Back in 2002, I was at Knitting Factory watching a friend from high school perform. After the show, I started talking to one of his friends, who asked what I did for a living. I told him I was a copywriter, and he held out his hand and said, “Give me your card. My company is looking for writers”
I worked steadily for his company for several years, all because I reached out and talked to someone.
There’s no denying that online marketing is powerful, but it hasn’t completely eliminated the need to network in-person – nor should it. Despite the push to virtual marketing, we still have to leave the house once in a while, so make the most of it and incorporate your business into your everyday chitchat. Here are some good places to start.
You probably know at least one couple that met at a party. Maybe a mutual friend introduced them, or they saw each other across a crowded room and one of them had the guts to make a move. You could do the same thing and make a match with a new customerr.
Personally, I’ve never been to a party where I wasn’t asked about my job, because it’s a great icebreaker. But it’s also effective for finding new leads and referrals. Think about it – everyone is there to have fun, so there’s no pressure to buy or sell. Plus, the people you’re talking to probably know the same people you do, so you already have a ready-made reference and referral.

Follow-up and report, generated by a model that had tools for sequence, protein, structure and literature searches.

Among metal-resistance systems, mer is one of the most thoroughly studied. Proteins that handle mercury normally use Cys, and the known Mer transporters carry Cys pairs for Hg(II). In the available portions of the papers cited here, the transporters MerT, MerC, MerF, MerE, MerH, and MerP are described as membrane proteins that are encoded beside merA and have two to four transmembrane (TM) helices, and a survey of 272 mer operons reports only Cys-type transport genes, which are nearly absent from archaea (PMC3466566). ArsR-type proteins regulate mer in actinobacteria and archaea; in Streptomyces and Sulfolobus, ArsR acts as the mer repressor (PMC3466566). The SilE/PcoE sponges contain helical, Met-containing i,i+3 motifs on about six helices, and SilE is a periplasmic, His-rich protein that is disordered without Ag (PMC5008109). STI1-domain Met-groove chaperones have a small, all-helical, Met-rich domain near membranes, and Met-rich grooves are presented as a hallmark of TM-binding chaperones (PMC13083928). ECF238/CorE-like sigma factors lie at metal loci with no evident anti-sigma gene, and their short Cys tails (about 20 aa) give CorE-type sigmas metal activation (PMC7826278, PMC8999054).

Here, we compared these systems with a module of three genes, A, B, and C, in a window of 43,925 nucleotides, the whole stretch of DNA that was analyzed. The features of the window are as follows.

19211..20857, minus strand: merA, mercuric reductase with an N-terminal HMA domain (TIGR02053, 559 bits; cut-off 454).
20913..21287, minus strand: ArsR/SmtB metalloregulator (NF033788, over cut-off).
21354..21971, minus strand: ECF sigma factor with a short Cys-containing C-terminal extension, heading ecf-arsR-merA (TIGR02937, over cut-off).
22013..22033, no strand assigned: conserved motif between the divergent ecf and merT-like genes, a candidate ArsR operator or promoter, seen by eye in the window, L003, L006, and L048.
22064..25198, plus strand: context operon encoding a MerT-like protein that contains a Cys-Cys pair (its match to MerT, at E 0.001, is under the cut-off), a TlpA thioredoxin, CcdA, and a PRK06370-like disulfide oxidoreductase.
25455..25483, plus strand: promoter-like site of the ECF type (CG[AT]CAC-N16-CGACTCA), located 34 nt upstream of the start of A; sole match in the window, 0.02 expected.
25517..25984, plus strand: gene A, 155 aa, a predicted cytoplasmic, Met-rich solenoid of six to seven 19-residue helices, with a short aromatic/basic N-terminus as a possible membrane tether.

Whether we’re buying milk at the supermarket or shopping for back-to-school clothes for the kids, we all have to run errands sometimes – and maybe wait in line to do it. Turn that wait into a way to drum up more business.
Big chain stores usually have long lines at the register. Maybe you eavesdrop on the people around you. Listen for something that points to a new potential customer or business opportunity. But remember that smaller stores could become customers themselves. For instance, if you make greeting cards or jewelry, stop by your local gift shop or mom-and-pop store and ask about selling your wares.
Your Social Circles
Maybe you have kids in school, or you’re active in your church. Or perhaps you’re part of a book club or some other fun group. Don’t be shy about using these social circles as sources of referrals and marketing leads.
Place flyers or postcards with your business name and website in your school or church (just make sure they’re appropriate for your audiences – you don’t want to offend anyone.) Talk freely about your business with friends and colleagues, especially if things are going really well. You’d be surprised how much more interested people are in working with a company that’s on the upswing.
Talk may be cheap, but it can still be profitable for your business. Make your business a part of your casual conversations, and you just may catch the ear of your next customer